Caiman periodontium as an intermediate between basal vertebrate ankylosis-type attachment and mammalian "true" periodontium.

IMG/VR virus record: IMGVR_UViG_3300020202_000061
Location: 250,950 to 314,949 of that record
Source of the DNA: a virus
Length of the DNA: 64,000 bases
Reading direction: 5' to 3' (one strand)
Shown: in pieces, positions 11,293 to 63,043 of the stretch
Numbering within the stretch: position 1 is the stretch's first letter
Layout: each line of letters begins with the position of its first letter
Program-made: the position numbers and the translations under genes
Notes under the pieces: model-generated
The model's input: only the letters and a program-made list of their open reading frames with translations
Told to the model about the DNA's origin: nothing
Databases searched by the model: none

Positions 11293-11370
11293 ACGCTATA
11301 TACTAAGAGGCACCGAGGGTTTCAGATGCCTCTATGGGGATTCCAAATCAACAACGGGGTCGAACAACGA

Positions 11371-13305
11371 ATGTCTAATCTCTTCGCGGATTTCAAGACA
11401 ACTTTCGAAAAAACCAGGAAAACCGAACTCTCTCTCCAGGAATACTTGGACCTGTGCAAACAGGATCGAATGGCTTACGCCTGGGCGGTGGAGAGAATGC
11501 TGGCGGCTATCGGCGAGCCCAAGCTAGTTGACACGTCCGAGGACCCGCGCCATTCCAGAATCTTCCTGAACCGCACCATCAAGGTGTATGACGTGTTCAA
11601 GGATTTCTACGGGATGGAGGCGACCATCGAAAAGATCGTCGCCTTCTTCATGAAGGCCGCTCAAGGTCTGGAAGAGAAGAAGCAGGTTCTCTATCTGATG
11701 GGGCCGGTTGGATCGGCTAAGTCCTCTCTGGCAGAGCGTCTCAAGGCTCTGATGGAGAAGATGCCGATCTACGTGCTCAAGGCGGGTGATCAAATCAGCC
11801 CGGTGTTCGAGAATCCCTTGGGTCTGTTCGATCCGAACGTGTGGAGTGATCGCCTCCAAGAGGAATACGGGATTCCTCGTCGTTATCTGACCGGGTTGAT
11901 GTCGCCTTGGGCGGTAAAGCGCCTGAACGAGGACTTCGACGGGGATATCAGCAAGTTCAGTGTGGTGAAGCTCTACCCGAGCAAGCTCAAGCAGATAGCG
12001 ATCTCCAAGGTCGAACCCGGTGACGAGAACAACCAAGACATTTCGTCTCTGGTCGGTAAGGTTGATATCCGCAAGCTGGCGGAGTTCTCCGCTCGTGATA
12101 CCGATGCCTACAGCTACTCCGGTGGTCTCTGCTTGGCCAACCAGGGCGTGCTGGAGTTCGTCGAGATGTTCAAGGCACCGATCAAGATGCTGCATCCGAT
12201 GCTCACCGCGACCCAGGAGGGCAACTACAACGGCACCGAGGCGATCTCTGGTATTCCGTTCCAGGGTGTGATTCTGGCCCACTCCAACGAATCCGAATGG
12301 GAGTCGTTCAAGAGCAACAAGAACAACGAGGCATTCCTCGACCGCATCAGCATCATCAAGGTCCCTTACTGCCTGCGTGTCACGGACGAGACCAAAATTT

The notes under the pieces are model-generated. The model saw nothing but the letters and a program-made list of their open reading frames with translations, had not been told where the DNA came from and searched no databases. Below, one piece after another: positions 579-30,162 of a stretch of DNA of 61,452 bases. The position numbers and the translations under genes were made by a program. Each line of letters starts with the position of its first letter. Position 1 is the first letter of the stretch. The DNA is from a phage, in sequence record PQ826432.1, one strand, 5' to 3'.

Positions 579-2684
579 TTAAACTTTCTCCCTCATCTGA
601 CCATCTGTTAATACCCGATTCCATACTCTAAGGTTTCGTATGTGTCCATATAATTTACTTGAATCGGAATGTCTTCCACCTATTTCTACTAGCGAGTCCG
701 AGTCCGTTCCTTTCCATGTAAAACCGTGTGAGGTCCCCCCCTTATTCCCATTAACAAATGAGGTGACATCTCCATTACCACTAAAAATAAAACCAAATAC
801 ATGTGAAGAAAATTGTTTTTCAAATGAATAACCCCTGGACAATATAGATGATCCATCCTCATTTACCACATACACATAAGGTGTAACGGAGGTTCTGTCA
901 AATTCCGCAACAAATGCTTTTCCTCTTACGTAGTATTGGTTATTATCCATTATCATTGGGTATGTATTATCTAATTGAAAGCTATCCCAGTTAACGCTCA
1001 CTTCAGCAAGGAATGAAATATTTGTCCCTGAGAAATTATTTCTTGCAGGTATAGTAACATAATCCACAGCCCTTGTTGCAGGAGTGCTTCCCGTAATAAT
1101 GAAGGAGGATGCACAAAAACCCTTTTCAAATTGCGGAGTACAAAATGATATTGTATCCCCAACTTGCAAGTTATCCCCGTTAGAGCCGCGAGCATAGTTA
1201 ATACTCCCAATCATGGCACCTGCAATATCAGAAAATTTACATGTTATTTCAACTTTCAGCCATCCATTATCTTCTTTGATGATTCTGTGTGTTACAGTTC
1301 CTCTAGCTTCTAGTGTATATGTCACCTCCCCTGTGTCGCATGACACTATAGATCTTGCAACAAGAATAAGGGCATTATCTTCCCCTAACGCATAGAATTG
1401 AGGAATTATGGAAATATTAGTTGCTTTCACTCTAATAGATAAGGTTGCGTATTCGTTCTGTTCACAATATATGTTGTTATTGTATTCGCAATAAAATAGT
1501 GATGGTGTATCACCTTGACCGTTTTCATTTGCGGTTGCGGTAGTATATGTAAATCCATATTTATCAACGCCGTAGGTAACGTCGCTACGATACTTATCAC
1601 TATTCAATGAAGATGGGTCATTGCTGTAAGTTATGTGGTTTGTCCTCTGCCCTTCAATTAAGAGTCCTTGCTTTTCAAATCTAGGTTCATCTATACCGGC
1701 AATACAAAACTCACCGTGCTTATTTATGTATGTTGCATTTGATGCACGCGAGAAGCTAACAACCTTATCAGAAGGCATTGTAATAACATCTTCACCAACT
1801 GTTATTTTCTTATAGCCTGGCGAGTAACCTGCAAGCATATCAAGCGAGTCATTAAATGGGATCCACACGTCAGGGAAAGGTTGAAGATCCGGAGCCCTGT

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The teeth of many fish, amphibia, and reptiles are attached to the alveolar bone via ankylosis. In contrast, mammalian periodontia are characterized by a gomphosis, an attachment of the tooth root in the alveolar bone socket via periodontal ligament fibers. Among the reptiles, the crocodilians are the only group featuring a gomphosis-type connection between tooth root and alveolar bone, while in other reptiles tooth-root and jawbone are connected via ankylosis. The purpose of the present study was to compare several key features of the crocodilian periodontium with those of the mammalian and noncrocodilian reptile periodontium. As experimental models for our study we chose the periodontium of newborn geckos (Hemidacylus turcicus), juvenile caimans (Caiman crocodilus crocodilus), and 10-day-postnatal Swiss-Webster mice (Mus musculus) as representative models for noncrocodilian reptiles, crocodilian reptiles, and mammals. The caiman periodontium emerged as an intermediary between the mineral-free mouse ligament and the mineralized gecko ankylosis-type attachment. Caiman ligament fibers were less organized than mouse ligament fibers but featured distinct fasciae surrounding ligament fiber bundles. Caiman Hertwig's epithelial root sheath (HERS) was similarly perforated as mouse HERS and distinctly different from the continuous gecko HERS. Both caiman and mouse HERS covered the entire tooth root length, while in the gecko HERS was limited to the coronal portion of the root, allowing for cementoid-mediated ankylosis at the apical tip of the root. We interpret our data to indicate distinct differences in mineral distribution, periodontal ligament fiber organization, and HERS distribution between noncrocodilian reptiles, crocodilian reptiles, and mammals. Mineral deposits in the caiman ligament may reflect an evolutionary position of the caiman periodontium between ankylosis and gomphosis.